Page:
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        1. AgentV

          cyberduck46
          Some of the properties PB list will sell…of course they will, especially in a market characterised by low stock levels where demand is correspondingly high.

          But lets be clear about this….they are spending a lot of investors money on attracting each and every customer. Many people have estimated that it costs PB well over £2,000 per property (including investment subsidy, their fee and expensive conveyancing referral commissions)….and that is effectively an up front charge. Thats more than my average no sale no fee amount (and I would suggest more than many high street agents average commissions) …and we offer the full service with fully accompanied viewings, negotiated offers and full sales progression through to completion. Whats more all my vendors deal with a highly experienced person from start to finish….no call centre.

          So in effect we offer a far more comprehensive service at less overall cost on a no sale no fee basis!!!. We just need some investment money behind us and the systems we use, and then we would see which model is more attractive to customers.

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        2. cyberduck46

          Robert, my example was for properties outside London so both your figure & mine is incorrect. The average amount outside London would indeed be more than £850 but not as high as £1060.
           
          The comparison still stacks up – there is a big saving on average. For properties above the average price the savings become even greater.
           
          I think you will find that The Government, Trading Standards & the Courts will look at averages rather than worst case scenarios when deciding what is in the best interests of the public. So when Estate Agents and those with a vested interest bang on about the worst case scenario it really is misleading. 

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      2. Chris Wood

        Bad maths.
         
        100 properties listed with PB equals customers paying out £103,200 43% of which (using these figures) paying £44,376 with no sale.
        100 properties listed with full-service agent at a cost of £0
        Using the average UK house price of £217,502 and Purplebricks own conveyancers published stats of 1.3% (and this may well be lower now) means the total paid by full-service agents customers using the same conversation ratios would equal £161,168.98 (£1,611.69 per listing customer)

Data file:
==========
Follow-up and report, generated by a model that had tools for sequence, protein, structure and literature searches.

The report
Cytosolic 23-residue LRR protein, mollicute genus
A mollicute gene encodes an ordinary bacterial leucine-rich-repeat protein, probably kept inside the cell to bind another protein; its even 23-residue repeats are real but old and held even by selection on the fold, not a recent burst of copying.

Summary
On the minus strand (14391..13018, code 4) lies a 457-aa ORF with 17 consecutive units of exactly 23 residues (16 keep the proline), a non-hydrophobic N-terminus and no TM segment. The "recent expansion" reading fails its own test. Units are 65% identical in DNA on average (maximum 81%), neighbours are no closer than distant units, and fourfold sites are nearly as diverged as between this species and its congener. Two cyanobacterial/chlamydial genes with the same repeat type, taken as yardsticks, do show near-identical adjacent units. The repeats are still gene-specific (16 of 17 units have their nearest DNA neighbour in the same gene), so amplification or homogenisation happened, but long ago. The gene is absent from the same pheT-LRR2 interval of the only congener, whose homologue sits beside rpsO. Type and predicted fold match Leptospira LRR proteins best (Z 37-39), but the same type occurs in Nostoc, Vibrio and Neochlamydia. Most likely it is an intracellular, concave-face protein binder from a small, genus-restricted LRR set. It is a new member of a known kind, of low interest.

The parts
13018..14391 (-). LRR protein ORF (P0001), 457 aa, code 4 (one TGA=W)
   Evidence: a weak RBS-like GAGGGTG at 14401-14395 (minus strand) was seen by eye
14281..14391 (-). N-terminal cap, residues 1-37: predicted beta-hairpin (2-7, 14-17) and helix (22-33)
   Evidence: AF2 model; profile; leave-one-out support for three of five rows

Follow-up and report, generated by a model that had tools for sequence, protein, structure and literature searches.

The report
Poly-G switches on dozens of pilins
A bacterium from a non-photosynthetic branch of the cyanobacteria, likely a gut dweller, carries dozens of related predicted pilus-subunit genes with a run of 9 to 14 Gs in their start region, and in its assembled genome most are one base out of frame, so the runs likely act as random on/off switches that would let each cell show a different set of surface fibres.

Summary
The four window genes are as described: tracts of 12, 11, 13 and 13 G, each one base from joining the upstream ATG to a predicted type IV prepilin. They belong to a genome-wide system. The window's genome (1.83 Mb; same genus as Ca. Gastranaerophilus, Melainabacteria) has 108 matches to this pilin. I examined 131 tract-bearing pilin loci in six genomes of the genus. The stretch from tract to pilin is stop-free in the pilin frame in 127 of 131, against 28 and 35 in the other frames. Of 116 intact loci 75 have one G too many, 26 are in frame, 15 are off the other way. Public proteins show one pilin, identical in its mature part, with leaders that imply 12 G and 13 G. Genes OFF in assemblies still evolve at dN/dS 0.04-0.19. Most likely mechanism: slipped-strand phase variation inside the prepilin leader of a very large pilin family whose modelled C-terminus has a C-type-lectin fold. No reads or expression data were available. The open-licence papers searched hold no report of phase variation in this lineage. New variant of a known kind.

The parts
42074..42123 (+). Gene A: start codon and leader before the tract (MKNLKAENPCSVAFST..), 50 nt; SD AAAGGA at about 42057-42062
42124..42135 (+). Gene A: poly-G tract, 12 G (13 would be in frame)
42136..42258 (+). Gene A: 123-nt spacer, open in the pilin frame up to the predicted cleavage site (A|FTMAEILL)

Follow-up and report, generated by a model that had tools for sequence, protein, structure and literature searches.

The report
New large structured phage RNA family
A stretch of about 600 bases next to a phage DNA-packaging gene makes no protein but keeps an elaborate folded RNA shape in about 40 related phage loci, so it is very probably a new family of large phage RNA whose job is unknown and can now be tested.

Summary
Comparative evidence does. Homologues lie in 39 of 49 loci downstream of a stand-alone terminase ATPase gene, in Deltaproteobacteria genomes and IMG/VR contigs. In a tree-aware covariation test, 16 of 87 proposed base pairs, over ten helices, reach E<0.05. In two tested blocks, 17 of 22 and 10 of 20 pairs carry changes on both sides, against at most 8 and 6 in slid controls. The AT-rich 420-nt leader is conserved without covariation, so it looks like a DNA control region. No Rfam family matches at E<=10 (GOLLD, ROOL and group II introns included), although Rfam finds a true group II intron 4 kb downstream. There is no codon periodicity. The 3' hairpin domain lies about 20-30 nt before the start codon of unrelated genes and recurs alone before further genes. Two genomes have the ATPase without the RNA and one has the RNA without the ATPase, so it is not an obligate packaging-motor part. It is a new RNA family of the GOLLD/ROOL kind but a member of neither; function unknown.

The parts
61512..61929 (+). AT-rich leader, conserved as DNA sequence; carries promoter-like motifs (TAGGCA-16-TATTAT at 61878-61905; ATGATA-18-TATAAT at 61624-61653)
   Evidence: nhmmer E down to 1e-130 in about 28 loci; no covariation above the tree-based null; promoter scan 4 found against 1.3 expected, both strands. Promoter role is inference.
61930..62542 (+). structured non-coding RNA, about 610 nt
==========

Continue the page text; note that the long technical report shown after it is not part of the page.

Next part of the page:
Total cost per listing for PB customer  £1,032*
        Total cost per listing for full-service agents £1,611.69
        So, assuming that all sales are an exact like for like coparison of what each business type might achieve (and other data suggests PB may well not be as ‘successfull’ as these figures suggest), a seller is taking a non-refundable £1,032 gamble on a low probablity of a possible saving. Not much of a bet in my book.
         
        *From memory. I believe this is the correct average fee but may be a few pounds out either side.
         
         

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        1. cyberduck46

          Chris,
           
          Yes, using £850 was probably on the low side as an average but in your example you are also in error. The average figure that you are using in your calculations is also wrong because it includes London properties where PB’s fee is £1199. So you can’t use your figure of 1.3% because when it was calculated it didn’t include any Central London properties in the calculation. It’s also not clear whether VAT is included because I’ve seen the figure 1.3% bandied around to include it and also to exclude it.

          Then you  ust also allow for the fact that some of the average income is for an EPC certificate and some of it will be revenue from the conveyancer which only applies in the case of a sale.

          So using rough figures is fine because we don’t know the actual breakdown.
           
          The most recent study on Estate Agent Commission provides a figure close to £4000 if my memory is correct. 
           
          You can’t use average figures as the figure you are gambling on. The approximate figures are £4000 versus £850. Your are gambling a cost of £850 to a cost of £4850 put simply. So 6 to 1 ratio approx with a 50:50 chance of success (aprox.)
           
          Of course this simplified because if you don’t sell your property it might be because you are asking too much for it and no agent would sell it at the price you are asking. I’m sure there are quite a lot of cases like this that make up the 56% figure from GetAgent. However you are always able to put it back on the market with PB so in these cases the fee is not lost.